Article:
Monday, 27 January 2014

Speakout Advanced p 119. Keys and Vocabulary

Ex 3A

1 much, far, considerably, slightly, infinitely, a bit, a lot, marginally, miles, not, way, a good deal, decidedly, significantly, barely any, loads
marginally: /ˈmɑːdʒɪnəli/ very slightly; not very much. E.g. They now cost marginally more than they did last year. He's in a new job but he's only marginally better off.
miles: very much; far. E.g. I'm feeling miles better today, thanks. I'm miles behind with my work. She's taller than you by a mile.
way: by a large amount. E.g. This skirt is way (= a lot) too short. 
decidedly: definitely and in an obvious way. E.g. Amy was looking decidedly worried. 

2 just, nothing like, nowhere near, not, every bit.
every bit as good, bad, etc. (as somebody/something) just as good, bad, etc; equally good, bad, etc. E.g. Rome is every bit as beautiful as Paris. He's every bit as clever as she is.

Ex 3B
1 small difference: 
slightly, a bit, marginally, barely any

big difference: 
much, far, nothing like, considerably, infinitely, a lot, nowhere near, miles, a good deal, decidedly, significantly, way, loads 

no difference: just, every bit 

(not can be a small or a big difference.)

2 formal: 
considerably, infinitely, marginally, every bit, a good deal, decidedly, significantly.

much, just, far, nothing like, slightly, a bit, a lot, nowhere near, miles, way, barely any, loads 
(way and loads are very informal and only used in spoken English)

not is neutral

Ex 3C

l b) 

2 a)

p 147

1 like 

2 a 

3 barely (or hardly) 

4 deal

5 every 

6 faster 

7 the 

8 near

Ex 2

1 just gets better and better 

2 nowhere near as famous as 

3 is every bit as remarkable 

4 little more than a year 
on the brink of : if you are on the brink of something, you are almost in a very new, dangerous or exciting situation. E.g. on the brink of collapse/ war/ death/ disaster.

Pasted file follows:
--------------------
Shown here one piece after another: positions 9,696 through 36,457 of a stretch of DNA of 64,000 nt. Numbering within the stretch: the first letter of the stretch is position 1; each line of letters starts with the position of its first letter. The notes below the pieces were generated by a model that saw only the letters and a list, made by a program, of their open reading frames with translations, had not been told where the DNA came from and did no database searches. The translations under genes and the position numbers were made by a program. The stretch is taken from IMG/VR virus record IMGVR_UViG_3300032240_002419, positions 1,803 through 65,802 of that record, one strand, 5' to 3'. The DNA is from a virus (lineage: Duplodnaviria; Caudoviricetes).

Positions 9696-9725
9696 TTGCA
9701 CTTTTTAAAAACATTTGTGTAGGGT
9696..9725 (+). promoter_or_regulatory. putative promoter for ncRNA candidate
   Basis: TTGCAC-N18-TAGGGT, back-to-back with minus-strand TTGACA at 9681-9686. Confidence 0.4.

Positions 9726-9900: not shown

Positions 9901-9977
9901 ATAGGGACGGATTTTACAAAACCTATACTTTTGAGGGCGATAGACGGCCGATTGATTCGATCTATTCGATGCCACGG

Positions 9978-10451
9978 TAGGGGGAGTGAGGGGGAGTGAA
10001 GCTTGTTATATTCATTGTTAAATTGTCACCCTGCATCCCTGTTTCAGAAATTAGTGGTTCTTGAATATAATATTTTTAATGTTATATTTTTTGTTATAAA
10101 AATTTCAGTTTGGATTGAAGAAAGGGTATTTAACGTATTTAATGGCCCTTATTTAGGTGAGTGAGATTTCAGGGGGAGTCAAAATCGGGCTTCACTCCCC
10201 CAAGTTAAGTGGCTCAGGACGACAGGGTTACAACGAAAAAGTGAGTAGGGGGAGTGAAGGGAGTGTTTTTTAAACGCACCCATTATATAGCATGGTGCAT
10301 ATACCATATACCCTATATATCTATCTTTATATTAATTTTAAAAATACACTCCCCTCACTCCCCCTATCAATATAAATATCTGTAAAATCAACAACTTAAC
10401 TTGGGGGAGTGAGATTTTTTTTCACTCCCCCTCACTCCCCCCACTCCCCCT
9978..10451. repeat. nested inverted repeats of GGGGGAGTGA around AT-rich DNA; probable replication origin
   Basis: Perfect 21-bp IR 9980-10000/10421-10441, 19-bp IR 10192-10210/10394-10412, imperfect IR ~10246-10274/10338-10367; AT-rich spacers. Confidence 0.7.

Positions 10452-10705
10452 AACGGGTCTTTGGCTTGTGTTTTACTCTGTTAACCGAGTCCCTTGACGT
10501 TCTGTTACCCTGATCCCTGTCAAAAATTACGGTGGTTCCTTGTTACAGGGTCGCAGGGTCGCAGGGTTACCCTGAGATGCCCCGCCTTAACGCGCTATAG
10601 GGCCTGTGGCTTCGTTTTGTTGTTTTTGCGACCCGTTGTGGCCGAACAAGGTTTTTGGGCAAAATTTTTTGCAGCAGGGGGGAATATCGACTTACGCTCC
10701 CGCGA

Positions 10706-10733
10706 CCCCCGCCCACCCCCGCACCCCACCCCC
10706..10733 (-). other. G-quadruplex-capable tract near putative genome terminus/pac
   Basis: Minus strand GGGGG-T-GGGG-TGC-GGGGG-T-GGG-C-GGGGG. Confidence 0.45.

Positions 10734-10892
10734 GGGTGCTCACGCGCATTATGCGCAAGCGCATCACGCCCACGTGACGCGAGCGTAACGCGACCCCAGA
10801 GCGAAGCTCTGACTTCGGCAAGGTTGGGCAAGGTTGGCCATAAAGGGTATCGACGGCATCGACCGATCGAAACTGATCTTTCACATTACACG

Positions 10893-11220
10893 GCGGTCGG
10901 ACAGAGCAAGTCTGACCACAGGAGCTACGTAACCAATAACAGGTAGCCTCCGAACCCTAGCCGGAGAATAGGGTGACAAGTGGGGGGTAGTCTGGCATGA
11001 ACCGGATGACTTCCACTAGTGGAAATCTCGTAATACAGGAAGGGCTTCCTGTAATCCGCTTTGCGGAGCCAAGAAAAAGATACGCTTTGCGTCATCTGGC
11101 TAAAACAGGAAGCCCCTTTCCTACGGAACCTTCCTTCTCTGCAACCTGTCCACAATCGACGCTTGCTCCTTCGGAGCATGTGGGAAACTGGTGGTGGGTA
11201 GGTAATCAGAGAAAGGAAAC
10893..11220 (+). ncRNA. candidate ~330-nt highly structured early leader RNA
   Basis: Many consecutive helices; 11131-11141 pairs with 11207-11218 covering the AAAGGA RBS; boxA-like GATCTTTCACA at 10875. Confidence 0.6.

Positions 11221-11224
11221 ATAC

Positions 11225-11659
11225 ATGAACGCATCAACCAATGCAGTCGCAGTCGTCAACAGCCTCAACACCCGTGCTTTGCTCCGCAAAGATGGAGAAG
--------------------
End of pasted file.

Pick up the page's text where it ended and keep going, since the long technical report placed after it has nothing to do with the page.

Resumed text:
stardom:  the state of being famous as an actor, a singer, etc. E.g. He thanked all those who had helped him on the road to stardom (= during the time he was trying to become famous).

5 would be far greater than 

6 come a good deal closer 

7 nothing like as flamboyant as his hero 
flamboyant: different, confident and exciting in a way that attracts attention. Sp. llamativo, ostentoso, extravagante. E.g. a flamboyant gesture/ style/ personality. He was flamboyant and temperamental on and off the stage.

8 considerably more money than

Ex 5B

the more the merrier (saying) the more people or things there are, the better the situation will be or the more fun people will have. E.g. ‘Can I bring a friend to your party?’ ‘Sure—the more the merrier!’ 
the sooner the better: very soon; as soon as possible. E.g. ‘When shall I tell him?’ ‘The sooner the better.’ 

The bigger they come / are, the harder they fall the more powerful and successful people are, the more they suffer when they experience defeat and disaster. When prominent people fail, their failure is more dramatic. E.g. After the newspapers reported that the mayor cheated on his wife, he lost the election and he can't get any kind of job. The bigger they are, the harder they fall. Jackson used to be very wealthy, but he lost every cent in the stock market crash. The bigger they come, the harder they fall.

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